As a UDP segment traverses down the stack, each layer adds a header.

What occurs for this to happen? Does the kernel do a bunch stuff then add the header?

I am particularly interested in the transition from the network to data-link layer on an Ethernet system.

Is ARP performed and then the cache searched in order to provide the next hope information?

  • 1
    Every operating system does it a little differently. If you're looking for programming assistance, you might try asking on Stack Overflow. – Ron Trunk Jan 31 '17 at 16:23
  • Alright. I'm not looking for programming assistance, was just trying to understand the idea in general. – user_ABCD Jan 31 '17 at 16:24
  • You might want to take a look at the MAC and LLC Sublayers to better understand the encapsulation process. The LLC Sublayer communicates with the Network Layer and is implemented in software (in the NIC's driver which is OS-dependant). The MAC Sublayer interacts with the Physical layer, provides access to the physical medium and is responsible for data encapsulation, it is implemented in hardware (in the NIC itself). – chomba Feb 2 '17 at 1:38
  • Did any answer help you? If so, you should accept the answer so that the question doesn't keep popping up forever, looking for an answer. Alternatively, you can provide your own answer and accept it. – Ron Maupin Aug 7 '17 at 16:29

Each OS can do this differently. It is up to the OS designers how this specifically happens in an OS.

RFC 826, An Ethernet Address Resolution Protocol -- or -- Converting Network Protocol Addresses to 48.bit Ethernet Address for Transmission on Ethernet Hardware gives you a general outline of what is supposed to happen, but an OS could skip the whole table creation and use ARP requests for every packet.

Packet Generation:

As a packet is sent down through the network layers, routing determines the protocol address of the next hop for the packet and on which piece of hardware it expects to find the station with the immediate target protocol address. In the case of the 10Mbit Ethernet, address resolution is needed and some lower layer (probably the hardware driver) must consult the Address Resolution module (perhaps implemented in the Ethernet support module) to convert the pair to a 48.bit Ethernet address. The Address Resolution module tries to find this pair in a table. If it finds the pair, it gives the corresponding 48.bit Ethernet address back to the caller (hardware driver) which then transmits the packet. If it does not, it probably informs the caller that it is throwing the packet away (on the assumption the packet will be retransmitted by a higher network layer), and generates an Ethernet packet with a type field of ether_type$ADDRESS_RESOLUTION. The Address Resolution module then sets the ar$hrd field to ares_hrd$Ethernet, ar$pro to the protocol type that is being resolved, ar$hln to 6 (the number of bytes in a 48.bit Ethernet address), ar$pln to the length of an address in that protocol, ar$op to ares_op$REQUEST, ar$sha with the 48.bit ethernet address of itself, ar$spa with the protocol address of itself, and ar$tpa with the protocol address of the machine that is trying to be accessed. It does not set ar$tha to anything in particular, because it is this value that it is trying to determine. It could set ar$tha to the broadcast address for the hardware (all ones in the case of the 10Mbit Ethernet) if that makes it convenient for some aspect of the implementation. It then causes this packet to be broadcast to all stations on the Ethernet cable originally determined by the routing mechanism.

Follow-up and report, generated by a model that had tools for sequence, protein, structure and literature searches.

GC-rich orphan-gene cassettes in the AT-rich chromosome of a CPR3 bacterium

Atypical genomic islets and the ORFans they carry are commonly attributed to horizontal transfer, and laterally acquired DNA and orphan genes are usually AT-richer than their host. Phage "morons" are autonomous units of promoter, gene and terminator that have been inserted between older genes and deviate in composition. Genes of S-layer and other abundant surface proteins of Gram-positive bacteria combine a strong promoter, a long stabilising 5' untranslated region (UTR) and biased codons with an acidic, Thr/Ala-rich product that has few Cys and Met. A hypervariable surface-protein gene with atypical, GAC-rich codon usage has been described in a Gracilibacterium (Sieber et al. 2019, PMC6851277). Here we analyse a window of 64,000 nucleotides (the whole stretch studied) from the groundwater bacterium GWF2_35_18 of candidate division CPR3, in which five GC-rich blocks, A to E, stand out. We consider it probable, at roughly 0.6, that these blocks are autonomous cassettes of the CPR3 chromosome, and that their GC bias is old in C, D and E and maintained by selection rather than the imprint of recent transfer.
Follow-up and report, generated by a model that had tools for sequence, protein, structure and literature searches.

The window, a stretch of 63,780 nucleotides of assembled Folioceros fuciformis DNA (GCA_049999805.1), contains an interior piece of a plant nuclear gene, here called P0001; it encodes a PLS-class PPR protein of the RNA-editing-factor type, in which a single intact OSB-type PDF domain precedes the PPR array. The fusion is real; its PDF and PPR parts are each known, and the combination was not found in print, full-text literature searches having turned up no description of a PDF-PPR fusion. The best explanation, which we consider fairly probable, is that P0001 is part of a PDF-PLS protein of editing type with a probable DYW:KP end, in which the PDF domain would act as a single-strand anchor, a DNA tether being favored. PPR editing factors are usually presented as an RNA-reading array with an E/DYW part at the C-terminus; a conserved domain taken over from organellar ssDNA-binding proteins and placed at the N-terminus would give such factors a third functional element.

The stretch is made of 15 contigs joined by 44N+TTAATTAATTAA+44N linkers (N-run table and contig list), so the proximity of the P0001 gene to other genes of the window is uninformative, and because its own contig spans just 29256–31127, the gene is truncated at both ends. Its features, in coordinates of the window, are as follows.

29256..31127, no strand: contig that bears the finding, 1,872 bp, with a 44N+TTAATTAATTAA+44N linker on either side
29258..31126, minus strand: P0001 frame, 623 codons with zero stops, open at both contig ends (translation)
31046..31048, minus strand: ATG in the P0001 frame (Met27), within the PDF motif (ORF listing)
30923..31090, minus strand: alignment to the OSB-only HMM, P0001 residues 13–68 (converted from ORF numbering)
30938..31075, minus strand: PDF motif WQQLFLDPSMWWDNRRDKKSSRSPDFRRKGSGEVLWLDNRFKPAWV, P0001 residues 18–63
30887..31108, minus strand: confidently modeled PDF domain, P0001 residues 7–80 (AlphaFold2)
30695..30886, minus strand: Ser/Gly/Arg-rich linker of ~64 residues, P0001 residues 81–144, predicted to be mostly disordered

It is handled by a protocol stack, namely, an Internet Protocol Stack. For example, there is the Lightweight Internet Protocol Stack. Once you get to the link layer, e.g. Ethernet or WiFi, you are then talking about firmware functionality.

  • My question is how does it happen in the stack. Not just where. The other answer here states it is OS dependent. – user_ABCD Jan 31 '17 at 22:18
  • But more specifically, It's protocol stack dependent. The protocol stack is a component of the OS. But, whatever works for you... Windows is known to have messaged "Windows couldn't automatically bind the IP protocol stack to the network adapter". – Ronnie Royston Jan 31 '17 at 22:22
  • Ahh I think I follow you. You are saying it is specifically dependent on the protocol stack packaged in the middle-ware of a given OS. – user_ABCD Jan 31 '17 at 22:24
  • @user_ABCD, but if you look how Linux does it, much of the network stack is actually built into the kernel. At one time, the network stack for Windows was a complete add-on from a third party, and Windows shows its roots in that. Other OSes do it differently. – Ron Maupin Jan 31 '17 at 22:37
  • @RonMaupin POSIX / BSD sockets constructs / IPC but it does boild down to monolithic vs micro or hybrid kernel I suppose. MAC/PHY "hooked into Linux kernel" IEEE 802.15.4 – Ronnie Royston Jan 31 '17 at 23:58

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